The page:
With nothing more pressing to do on a cold, snowy day, I decided to work on my goal of sorting through clutter and down-sizing. Of course, this involves a trip to the past…something one must be in the mood for. What to keep…what to throw away. What to hang on to…what to leave behind.
Unfortunately, I’m a sentimental pack-rat. This means it takes me ten times as long as it should to look through a few boxes. I did manage to condense a few tubs, but little was tossed. And that’s okay. I have saved notes, concert stubs, letters, cards, poems, planners, calendars, tons of pictures and odds and ends. Nostalgia...
These things are tangible reminders of how much our world has changed. Today, most everything has become digital.
And so I asked myself, what value do these faded pieces of paper have? I decided quite a lot. There is an energetic difference between a hand-written note and a text or email. Feeling the texture of the paper beneath my hands as I read words intentionally chosen and written is an experience. Writing with a pen requires thought and deliberation. Sentences, not fragments, words that summon a picture in your mind, not an emoji, become art. Sometimes words are crossed out, or inserted. There’s a natural flow that is personal, not auto-corrected. Whether the author of the words is from the present or the past, is on this planet or somewhere beyond, they are with you as you read.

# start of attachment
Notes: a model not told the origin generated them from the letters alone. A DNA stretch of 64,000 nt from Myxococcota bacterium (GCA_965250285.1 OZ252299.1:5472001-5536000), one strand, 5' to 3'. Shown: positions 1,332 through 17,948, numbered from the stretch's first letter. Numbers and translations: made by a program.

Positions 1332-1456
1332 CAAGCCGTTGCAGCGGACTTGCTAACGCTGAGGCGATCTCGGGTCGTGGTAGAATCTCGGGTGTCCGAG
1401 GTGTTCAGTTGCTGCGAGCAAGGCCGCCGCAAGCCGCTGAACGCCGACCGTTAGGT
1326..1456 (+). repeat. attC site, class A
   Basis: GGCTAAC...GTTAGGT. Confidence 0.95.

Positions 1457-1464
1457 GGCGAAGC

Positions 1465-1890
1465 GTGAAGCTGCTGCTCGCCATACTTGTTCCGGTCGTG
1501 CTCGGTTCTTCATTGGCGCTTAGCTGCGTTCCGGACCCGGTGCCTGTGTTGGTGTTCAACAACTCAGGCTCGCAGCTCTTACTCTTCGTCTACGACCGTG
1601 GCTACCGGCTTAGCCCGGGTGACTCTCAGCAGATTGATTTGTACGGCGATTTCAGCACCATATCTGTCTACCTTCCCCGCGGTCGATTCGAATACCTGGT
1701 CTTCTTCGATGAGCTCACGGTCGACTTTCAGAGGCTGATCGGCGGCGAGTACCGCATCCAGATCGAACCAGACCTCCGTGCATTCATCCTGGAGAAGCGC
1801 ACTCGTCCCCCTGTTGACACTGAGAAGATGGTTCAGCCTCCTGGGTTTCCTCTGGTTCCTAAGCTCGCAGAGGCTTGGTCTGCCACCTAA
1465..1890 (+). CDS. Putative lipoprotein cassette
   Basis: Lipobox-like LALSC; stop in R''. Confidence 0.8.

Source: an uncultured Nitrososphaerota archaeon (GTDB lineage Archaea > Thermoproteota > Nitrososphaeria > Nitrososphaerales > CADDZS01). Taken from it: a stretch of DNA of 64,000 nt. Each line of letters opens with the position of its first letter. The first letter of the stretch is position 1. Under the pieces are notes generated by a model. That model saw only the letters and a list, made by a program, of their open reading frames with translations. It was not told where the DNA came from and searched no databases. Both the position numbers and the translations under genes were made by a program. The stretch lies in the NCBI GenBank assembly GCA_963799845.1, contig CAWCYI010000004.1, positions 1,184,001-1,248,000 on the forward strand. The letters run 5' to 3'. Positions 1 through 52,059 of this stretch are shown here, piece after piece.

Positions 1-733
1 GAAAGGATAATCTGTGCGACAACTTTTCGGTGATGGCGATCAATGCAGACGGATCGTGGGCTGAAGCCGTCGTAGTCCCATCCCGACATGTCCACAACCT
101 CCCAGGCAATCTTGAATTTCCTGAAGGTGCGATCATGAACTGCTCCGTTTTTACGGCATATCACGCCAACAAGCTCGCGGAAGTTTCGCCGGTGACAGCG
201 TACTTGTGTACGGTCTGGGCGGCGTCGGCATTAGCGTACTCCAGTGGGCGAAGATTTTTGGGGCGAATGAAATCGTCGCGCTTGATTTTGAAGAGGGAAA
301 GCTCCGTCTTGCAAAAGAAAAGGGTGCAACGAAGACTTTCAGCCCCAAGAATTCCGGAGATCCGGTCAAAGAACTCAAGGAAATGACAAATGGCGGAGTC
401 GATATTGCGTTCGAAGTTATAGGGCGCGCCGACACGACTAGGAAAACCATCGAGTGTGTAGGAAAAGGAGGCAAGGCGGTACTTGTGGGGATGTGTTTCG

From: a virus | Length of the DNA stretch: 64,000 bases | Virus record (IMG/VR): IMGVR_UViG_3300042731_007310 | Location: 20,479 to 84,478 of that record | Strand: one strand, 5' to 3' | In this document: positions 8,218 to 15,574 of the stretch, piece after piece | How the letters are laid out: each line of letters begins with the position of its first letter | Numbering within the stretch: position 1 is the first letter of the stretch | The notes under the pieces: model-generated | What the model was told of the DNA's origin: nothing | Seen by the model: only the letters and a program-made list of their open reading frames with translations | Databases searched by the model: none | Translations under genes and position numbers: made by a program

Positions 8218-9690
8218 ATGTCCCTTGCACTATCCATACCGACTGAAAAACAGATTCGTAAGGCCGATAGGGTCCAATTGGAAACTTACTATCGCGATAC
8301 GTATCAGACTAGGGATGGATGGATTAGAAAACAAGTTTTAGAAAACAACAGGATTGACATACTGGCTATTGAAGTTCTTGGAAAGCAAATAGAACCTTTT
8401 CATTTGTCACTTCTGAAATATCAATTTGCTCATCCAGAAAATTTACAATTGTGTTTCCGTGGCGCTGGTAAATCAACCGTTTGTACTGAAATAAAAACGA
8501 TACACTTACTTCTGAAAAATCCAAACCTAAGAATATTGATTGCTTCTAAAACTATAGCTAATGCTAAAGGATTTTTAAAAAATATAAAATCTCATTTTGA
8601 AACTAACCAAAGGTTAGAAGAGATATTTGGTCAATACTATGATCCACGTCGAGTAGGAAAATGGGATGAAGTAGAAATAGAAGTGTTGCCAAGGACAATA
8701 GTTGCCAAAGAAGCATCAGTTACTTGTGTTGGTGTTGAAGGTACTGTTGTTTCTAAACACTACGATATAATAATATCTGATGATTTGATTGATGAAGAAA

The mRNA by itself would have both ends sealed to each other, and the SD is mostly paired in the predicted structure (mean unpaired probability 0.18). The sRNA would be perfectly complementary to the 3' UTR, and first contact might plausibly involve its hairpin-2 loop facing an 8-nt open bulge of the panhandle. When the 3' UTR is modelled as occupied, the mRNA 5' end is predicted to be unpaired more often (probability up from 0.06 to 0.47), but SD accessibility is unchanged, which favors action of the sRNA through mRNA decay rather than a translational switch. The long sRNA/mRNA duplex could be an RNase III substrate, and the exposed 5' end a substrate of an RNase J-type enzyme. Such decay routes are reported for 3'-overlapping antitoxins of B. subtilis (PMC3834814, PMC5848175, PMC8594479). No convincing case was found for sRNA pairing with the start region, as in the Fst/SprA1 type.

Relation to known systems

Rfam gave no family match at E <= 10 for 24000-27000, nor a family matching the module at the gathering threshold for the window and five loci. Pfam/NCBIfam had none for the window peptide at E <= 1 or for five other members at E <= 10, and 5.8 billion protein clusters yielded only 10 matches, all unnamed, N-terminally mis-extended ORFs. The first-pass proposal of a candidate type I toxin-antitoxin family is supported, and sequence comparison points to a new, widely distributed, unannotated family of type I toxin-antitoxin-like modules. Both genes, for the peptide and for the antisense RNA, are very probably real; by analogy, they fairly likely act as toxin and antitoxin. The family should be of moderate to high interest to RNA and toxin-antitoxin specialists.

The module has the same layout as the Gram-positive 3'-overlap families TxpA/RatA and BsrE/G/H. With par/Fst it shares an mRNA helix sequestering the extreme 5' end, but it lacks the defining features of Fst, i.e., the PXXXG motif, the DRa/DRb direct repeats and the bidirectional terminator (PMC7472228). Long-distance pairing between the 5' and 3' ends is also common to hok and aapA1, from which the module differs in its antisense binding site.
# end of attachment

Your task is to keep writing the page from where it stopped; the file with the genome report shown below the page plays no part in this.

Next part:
To write something that may be saved for the eternity of the paper it's written on, requires forethought. It asks for truth. And it begs for compassion.
We live in a world of quick responses, impulsive shares and shallow tweets that are two-dimensional, require little vulnerability and accountability, and have the delusion of safety. But most of these digital messages are throw-aways.
The things worth keeping go beyond the surface. They preserve the best of us and those we love and care for. They are the written thoughts that are found in a dusty old box that a sentimental pack-rat, like me, can’t part with.